Sheila Markle, the executive director of Family & Children’s Services of Guelph and Wellington, noted that stable housing is the first step in starting to solve numerous other problems. “When all your energies are going towards where do I sleep? And what am I going to eat today? How do you possibly address your physical or mental health issues, or work, or go to school, or address the other things in your life when all your energy is being consumed by homelessness?” Markle said.

Markle is also the CEO of Kindle Communities, which is establishing its own supportive housing development in the city’s west end, and she noted the importance of aesthetics in designing a project that looks beautiful and enhances the neighbourhood while giving people in need a place to live.

“We’ve been really intentional about the finishes, and even the brick on the exterior, to make this a building that’s going to last and that’s going to be beautiful,” Markle said. “It says that we care about you, we care about this community, and we want you to have a beautiful place to live.”

These ideas challenge traditional views of how to deal with homelessness, and the panelists have noted they’ve seen a shift in community response lately.

“When I started out 10 years ago thinking we’ve gotta find housing, I went all sorts of city council meetings and the tone of people against those projects, the NIMBY crowd, really took over the conversation,” Hoekstra said. “To change that conversation so that it’s not discriminatory and is really focused on the process instead has shifted things. City council has been very supportive and helped through the process.”

“Obviously, I think more can be done, but there have been some really tangible things because of the commitments that were made a couple years ago as a result of the advocacy, lots of delegations and feeling like a broken record,” McPherson added. “Thanks to the leadership of city council, some of these pieces are coming to fruition, so I just want to acknowledge how far things can go when elected officials are willing to be brave, and when we show that there’s community support.”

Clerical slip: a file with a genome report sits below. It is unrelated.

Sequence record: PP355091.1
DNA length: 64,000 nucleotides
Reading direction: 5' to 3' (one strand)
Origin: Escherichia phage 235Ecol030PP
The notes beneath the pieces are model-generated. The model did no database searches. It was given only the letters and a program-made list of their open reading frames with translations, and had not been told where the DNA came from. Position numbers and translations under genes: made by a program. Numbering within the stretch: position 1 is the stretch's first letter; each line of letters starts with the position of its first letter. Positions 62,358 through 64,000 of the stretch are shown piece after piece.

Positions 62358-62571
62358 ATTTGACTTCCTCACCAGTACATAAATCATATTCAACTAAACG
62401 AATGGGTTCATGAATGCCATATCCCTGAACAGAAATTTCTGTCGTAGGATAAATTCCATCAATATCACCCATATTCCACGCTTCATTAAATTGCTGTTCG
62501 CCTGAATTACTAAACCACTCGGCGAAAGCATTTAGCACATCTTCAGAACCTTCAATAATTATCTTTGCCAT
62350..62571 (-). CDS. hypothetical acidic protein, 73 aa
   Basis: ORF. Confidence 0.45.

“We have to care about each other, not just because it’s the right thing to do, but not caring about people costs a lot of money,” Markle said. “The government’s paying one way or the other, and for the life of me, after 35 years in my career, I don’t understand why we’re still funding things at the late end of the spectrum and not the earlier end of the spectrum. It doesn’t make any sense.”

“Being homeless is a full time job. I am often shocked about the number of tasks there are in a day, and you oftentimes don’t recognize just how difficult it is to be unhoused,” Nixon added. “There are so many barriers in place, and housing would be fundamental at a policy level. Supportive housing for everyone that does not discriminate, and then from there, we do things like safe supply, food security programming, and other things like that.”

“I think we can do it. We have the needs, and the funds to do it, it’s just a matter of the prioritization of funds,” Nixon said.

The next town hall event hosted by the Guelph-Wellington Coalition for Social Justice is on March 9, and the topic will be rebuilding the healthcare system. There will be two more town halls in April with an event about education on April 6 and another about the climate crisis on April 20.